The art departments communicated very well with each other to realise Joe’s (Kosinski) vision. We would look over each other’s shoulders to find inspiration from one another. he development of the costumes came from trying to develop the form language which came from within the film.
We will now move onto more specific design elements created for individual characters. N.B. Some fabric and helmets have been viewed close up, while most information was gleaned from first hand interviews/discussions with Christine Clark and Neville Page.
Jeff Bridges as Kevin Flynn/CLU 2.0
Kevin Flynn was a video game designer who in 1982 created a fantastic digital world called the Grid. After becoming trapped inside the Grid and ultimately escaping back to reality, in 1984 he made a program CLU 2.0 and secretly used his creation to construct a micro utopia. However in 1989 he suddenly disappeared leaving his young son behind. No-one has heard from him since. Not until now.
Being as Kevin is something of a hippie character within the Grid, his costume is organic looking and free flowing. His white polyester cloak in particular has many light panels incorporated to suggest an aura from within.
His alter-ego (or son?) CLU is polar opposite. Though Jeff Bridges was on set to read lines, a stand-in for the actor wore a light suit for blocking, due to the fact that Bridges is no longer physically the young man his computer generated face was intended to project. His build is different, he moves differently; obviously like a 61 year old. The CLU helmet design was Page’s toughest challenge:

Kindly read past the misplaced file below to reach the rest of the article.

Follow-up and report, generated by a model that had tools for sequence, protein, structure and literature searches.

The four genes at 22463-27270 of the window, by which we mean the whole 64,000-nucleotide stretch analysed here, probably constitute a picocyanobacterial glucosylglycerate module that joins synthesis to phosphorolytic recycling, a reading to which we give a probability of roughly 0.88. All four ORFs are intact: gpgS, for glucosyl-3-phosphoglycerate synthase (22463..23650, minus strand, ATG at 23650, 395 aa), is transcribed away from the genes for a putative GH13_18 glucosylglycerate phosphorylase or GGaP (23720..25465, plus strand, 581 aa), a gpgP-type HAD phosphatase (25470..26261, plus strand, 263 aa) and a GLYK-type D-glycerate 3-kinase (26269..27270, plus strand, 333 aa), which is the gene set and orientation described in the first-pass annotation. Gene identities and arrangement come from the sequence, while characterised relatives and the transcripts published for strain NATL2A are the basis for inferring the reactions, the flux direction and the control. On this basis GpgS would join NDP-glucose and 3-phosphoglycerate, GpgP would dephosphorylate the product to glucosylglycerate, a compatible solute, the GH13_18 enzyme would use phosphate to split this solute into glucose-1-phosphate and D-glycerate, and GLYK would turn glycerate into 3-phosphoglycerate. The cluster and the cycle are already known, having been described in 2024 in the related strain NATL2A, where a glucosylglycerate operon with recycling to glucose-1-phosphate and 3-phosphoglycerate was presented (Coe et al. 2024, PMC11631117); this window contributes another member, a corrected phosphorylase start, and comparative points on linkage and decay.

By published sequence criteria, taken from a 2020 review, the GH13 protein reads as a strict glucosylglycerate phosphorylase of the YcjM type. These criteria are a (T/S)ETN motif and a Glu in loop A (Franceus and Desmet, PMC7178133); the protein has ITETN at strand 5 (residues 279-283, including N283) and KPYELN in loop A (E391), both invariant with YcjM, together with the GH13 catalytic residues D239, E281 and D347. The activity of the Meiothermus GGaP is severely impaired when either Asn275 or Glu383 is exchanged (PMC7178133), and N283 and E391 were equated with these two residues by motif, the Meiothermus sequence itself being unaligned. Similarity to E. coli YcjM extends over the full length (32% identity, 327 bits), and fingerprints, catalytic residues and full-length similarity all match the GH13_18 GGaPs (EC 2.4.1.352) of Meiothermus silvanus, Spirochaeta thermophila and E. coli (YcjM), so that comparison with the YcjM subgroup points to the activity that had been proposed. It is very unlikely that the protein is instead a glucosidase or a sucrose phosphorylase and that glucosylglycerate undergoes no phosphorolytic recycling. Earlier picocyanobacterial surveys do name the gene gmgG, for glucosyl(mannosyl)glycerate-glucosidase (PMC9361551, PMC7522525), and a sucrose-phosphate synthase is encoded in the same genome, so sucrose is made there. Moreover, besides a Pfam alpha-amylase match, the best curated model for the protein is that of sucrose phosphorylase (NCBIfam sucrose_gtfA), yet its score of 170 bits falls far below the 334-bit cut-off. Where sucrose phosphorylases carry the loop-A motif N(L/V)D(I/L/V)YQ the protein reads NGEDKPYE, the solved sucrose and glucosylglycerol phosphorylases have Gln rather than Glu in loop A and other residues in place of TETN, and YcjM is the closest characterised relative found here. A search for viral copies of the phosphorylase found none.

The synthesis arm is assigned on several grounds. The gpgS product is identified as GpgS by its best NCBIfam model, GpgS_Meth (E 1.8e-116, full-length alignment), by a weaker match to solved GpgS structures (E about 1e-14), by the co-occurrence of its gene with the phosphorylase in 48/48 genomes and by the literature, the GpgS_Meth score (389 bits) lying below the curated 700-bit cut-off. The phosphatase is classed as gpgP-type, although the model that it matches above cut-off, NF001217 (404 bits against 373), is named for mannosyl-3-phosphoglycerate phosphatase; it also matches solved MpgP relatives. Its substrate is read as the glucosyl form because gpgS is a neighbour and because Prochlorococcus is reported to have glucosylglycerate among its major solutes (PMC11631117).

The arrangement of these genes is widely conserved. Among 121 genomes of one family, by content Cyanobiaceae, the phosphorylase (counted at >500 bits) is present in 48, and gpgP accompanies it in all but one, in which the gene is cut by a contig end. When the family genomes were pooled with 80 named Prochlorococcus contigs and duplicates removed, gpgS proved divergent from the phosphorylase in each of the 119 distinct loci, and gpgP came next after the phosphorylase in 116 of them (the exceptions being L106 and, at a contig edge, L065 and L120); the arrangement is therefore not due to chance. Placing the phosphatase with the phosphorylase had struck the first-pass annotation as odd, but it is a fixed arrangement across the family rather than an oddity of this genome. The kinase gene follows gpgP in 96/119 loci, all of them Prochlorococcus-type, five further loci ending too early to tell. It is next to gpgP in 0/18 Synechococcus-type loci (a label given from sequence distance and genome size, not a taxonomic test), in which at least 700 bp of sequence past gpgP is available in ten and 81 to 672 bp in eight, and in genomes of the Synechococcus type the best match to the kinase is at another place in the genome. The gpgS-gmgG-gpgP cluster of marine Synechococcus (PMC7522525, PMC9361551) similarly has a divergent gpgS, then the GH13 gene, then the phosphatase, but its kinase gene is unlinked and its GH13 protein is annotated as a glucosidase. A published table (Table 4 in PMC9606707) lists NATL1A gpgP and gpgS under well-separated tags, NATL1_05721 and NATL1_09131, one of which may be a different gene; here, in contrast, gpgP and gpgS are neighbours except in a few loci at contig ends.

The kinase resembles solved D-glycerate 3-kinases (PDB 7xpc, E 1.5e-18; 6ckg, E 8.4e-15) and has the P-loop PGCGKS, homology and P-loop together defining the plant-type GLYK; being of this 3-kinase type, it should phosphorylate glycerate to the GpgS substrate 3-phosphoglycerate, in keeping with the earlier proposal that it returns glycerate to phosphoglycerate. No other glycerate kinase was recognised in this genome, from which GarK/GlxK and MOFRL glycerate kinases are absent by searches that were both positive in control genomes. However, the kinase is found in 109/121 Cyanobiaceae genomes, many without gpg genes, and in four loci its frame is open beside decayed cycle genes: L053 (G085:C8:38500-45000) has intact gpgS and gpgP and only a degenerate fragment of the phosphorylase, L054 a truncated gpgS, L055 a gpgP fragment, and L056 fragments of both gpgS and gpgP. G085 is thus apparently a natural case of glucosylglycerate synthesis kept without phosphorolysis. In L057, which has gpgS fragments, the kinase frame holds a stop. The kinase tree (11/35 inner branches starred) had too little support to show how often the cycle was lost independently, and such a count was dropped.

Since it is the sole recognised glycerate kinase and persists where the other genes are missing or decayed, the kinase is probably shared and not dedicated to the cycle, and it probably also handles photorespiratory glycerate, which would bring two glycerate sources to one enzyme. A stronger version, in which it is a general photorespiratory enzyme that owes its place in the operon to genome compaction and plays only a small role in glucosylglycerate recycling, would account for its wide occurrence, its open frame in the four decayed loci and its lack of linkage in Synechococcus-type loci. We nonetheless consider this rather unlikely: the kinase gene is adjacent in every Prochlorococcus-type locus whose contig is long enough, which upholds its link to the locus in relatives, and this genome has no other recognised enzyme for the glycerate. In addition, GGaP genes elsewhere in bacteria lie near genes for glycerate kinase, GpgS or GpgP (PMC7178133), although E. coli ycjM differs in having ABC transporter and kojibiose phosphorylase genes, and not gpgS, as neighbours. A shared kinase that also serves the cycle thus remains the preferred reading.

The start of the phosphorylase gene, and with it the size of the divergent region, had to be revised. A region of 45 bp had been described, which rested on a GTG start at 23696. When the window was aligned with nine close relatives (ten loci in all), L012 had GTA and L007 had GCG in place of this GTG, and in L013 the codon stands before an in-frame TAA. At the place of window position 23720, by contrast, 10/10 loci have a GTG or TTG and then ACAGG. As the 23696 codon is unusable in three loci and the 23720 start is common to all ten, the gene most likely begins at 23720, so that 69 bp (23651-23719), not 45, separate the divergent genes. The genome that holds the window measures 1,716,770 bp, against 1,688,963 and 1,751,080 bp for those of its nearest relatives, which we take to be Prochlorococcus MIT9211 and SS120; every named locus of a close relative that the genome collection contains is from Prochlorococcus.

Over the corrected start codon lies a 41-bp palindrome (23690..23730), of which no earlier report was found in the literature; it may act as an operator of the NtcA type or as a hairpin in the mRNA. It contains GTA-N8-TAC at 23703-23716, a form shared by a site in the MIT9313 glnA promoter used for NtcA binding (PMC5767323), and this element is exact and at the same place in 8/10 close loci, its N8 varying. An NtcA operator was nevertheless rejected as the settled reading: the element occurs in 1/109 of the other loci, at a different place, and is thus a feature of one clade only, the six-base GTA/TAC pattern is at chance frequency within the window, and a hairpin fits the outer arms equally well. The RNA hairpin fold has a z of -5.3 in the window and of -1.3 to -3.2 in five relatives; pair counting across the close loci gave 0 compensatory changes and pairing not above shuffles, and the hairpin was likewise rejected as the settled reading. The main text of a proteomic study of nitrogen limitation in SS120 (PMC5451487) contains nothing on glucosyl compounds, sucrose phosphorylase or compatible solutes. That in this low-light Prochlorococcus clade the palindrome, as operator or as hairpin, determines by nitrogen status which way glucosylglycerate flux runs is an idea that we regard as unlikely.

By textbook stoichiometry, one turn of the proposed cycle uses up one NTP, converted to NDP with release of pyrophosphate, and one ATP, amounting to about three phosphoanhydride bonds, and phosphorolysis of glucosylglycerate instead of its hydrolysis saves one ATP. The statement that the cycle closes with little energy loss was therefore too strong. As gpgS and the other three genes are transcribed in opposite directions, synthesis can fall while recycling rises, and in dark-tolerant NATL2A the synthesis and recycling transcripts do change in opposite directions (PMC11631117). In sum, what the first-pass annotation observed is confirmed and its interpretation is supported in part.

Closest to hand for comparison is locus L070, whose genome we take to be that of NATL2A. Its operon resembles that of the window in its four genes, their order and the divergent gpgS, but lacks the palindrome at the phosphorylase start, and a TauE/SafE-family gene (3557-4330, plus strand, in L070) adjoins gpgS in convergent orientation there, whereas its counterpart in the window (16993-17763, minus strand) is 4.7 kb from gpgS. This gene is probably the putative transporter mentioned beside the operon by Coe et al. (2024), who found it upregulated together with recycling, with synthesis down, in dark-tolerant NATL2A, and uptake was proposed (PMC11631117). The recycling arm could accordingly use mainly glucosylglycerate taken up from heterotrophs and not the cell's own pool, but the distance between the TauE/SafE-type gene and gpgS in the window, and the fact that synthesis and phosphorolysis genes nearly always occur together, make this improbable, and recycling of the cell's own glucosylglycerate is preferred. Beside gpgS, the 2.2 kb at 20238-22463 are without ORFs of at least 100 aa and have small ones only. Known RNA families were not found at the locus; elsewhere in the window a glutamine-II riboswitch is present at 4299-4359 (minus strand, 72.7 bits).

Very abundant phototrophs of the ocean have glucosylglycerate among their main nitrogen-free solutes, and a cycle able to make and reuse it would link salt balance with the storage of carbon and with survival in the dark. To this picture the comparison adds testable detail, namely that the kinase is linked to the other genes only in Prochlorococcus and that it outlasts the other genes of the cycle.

The actor cannot see a thing through the helmet. He is wearing heads up display goggles, and there is a little camera in that pyramid shape that is seeing for him.
Considering all the power and technology located inside, the helmet was cooled by internal fans. CLU and all programs loyal to him in the Grid wear suits and drive vehicles emblazoned with orange, red and yellow; conversely Grid dwellers wear only white, blue and silver.
Our analysis of individual character costumes for Tron Legacy continues HERE in Part 2.
© 2010 – 2013, Christopher Laverty.